Two amateur astronomers, Kian Jek and Robert Gagliano, helped discover a new planet with a Star Wars-esque twist: the planet is the seventh confirmed planet that orbits two stars instead of one, called circumbinary planets.
The gas giant, named PH1, resides about 5,000 light-years from Earth. It orbits the binary pair of stars in about 138 days and is slightly larger than Neptune with a radius about 6.2 times larger than Earth’s. Scientists estimate the planet is too hot for habitation at a temperature range of 484 degrees Fahrenheit to 644 degrees Fahrenheit.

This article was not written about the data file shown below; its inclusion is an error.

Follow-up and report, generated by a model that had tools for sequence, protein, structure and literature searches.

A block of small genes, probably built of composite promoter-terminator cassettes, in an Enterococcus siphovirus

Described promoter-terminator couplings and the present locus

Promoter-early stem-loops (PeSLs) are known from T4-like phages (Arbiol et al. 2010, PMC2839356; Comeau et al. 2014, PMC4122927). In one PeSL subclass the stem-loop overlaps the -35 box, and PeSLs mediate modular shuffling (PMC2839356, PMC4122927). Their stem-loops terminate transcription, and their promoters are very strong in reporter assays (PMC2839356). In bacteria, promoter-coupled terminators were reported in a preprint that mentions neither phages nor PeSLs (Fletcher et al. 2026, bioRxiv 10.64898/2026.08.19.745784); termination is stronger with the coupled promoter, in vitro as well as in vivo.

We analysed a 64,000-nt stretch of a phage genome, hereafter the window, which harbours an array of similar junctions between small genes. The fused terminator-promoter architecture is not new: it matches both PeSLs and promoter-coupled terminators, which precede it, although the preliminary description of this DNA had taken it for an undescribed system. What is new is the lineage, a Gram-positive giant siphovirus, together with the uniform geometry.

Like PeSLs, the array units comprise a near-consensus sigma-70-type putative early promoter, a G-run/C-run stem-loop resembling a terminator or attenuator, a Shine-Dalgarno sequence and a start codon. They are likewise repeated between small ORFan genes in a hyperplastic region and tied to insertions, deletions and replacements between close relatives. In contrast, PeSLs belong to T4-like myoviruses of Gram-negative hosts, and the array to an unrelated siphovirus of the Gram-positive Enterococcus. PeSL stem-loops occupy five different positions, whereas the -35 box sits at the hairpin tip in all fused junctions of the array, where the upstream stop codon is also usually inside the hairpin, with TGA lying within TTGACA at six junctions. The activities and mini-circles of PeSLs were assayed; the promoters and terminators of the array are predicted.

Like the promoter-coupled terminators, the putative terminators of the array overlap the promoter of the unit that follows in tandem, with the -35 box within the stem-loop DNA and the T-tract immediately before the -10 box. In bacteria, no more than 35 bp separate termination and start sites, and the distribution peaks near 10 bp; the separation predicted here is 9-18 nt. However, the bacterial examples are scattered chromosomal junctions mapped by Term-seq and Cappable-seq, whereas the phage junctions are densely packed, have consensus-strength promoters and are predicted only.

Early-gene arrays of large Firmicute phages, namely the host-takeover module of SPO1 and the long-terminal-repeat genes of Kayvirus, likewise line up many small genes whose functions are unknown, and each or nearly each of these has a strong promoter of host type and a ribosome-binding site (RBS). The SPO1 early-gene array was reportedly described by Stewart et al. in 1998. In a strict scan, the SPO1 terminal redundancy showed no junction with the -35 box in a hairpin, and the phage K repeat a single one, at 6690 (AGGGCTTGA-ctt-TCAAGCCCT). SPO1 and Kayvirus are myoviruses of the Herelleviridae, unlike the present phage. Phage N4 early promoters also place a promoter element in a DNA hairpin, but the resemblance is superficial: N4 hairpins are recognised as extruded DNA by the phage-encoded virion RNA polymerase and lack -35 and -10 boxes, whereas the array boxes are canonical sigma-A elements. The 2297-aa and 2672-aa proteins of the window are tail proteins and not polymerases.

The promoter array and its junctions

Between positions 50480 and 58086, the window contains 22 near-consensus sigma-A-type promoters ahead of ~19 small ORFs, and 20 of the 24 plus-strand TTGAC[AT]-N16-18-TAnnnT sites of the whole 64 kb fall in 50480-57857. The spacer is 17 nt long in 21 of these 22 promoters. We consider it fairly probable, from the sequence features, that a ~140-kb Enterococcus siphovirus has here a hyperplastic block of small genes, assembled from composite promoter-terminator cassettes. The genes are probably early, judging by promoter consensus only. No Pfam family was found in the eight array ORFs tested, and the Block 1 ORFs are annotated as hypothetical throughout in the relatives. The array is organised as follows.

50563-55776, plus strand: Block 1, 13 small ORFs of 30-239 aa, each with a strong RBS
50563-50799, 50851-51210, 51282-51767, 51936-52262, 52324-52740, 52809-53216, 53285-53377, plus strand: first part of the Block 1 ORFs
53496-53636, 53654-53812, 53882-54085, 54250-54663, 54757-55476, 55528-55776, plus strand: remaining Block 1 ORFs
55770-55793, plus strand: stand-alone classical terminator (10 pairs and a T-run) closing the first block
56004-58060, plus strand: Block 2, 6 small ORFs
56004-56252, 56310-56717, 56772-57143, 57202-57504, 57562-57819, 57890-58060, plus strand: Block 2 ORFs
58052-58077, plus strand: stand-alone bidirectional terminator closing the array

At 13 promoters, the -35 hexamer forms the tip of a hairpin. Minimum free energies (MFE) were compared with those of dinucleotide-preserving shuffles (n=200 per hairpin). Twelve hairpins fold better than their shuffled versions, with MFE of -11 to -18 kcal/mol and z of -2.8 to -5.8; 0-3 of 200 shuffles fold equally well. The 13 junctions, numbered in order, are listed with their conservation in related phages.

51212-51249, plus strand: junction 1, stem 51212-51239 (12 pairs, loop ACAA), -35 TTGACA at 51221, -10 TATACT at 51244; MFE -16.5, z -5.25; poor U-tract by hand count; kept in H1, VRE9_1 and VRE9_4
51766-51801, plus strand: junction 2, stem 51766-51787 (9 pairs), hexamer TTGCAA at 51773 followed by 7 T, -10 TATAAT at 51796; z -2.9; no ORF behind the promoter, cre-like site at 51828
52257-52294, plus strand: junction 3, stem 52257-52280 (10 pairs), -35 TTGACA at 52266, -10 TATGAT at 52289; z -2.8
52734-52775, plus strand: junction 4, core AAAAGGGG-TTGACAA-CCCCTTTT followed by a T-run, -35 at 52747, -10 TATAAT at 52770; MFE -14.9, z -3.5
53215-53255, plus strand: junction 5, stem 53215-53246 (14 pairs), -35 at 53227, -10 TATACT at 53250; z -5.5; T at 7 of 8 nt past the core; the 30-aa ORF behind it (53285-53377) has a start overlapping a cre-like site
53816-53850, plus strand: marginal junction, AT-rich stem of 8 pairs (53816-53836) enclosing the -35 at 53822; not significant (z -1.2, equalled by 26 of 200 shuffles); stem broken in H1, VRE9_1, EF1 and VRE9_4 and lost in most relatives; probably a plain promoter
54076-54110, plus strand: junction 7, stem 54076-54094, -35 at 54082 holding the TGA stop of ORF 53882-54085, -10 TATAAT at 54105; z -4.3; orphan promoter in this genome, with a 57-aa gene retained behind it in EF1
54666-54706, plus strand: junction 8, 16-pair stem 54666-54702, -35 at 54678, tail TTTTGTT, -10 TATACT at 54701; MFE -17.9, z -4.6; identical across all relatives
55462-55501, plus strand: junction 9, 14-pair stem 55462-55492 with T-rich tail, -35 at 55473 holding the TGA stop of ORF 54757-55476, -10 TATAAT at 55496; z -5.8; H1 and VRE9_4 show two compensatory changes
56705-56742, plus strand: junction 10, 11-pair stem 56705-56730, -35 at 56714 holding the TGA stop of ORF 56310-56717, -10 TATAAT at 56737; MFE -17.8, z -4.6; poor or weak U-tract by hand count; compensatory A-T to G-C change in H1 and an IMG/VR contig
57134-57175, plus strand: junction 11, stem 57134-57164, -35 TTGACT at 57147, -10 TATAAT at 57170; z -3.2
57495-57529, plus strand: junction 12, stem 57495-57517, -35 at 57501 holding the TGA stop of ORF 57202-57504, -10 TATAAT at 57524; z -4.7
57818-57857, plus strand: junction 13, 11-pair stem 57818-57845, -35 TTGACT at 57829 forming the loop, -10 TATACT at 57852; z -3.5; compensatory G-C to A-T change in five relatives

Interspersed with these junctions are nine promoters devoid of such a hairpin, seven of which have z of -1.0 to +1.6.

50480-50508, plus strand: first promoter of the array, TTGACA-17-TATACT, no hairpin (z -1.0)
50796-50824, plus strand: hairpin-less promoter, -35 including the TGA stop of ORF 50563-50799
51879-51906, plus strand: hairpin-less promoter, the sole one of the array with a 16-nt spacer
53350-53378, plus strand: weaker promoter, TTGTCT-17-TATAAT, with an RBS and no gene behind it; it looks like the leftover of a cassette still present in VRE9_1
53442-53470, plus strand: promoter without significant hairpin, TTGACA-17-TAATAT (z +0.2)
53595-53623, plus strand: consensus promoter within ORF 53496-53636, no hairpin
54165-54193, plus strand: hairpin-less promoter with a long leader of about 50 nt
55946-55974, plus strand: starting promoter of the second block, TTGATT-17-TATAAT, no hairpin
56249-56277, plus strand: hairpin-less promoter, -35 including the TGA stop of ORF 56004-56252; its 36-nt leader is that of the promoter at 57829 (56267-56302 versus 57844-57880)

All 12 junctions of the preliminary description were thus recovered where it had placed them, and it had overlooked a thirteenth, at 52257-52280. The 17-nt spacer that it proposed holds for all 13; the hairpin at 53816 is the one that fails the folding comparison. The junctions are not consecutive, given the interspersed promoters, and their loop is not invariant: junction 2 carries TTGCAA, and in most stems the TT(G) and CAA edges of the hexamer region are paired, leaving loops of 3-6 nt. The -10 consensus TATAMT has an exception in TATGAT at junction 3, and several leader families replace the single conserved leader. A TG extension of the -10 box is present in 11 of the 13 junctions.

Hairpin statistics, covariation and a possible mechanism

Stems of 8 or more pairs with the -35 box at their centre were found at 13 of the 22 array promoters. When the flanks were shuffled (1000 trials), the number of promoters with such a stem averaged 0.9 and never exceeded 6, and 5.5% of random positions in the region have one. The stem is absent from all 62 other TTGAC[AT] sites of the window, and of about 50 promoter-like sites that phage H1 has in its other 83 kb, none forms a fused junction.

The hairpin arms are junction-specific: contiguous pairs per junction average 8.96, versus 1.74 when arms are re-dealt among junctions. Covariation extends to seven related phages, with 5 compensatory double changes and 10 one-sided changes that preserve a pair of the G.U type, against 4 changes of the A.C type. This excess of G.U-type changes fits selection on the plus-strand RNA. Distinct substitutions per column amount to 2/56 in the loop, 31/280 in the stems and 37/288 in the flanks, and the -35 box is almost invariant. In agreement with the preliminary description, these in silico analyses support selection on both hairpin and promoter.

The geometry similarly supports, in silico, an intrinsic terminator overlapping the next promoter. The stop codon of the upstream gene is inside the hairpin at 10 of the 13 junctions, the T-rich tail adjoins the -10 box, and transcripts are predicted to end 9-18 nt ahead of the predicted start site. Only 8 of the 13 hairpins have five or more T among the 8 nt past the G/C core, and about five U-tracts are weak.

The really special thing about PH1, however, is the fact that the system it resides in is orbited by another binary part of stars, making it the first known quadruple-star system.
PH1 was discovered by the Yale University program, Planet Hunters, in which citizens and amateur astronomers work with professional scientists to find evidence of new worlds in data collected by NASA’s Kepler space telescope.
Since the program’s launch in March 2009, it has found evidence of more than 2,300 alien planets.
Gagliano said the discovery was “absolutely exciting.” He added, “It’s a great honor to be a Planet Hunter, citizen scientist, and work hand in hand with professional astronomers, making a real contribution to science.”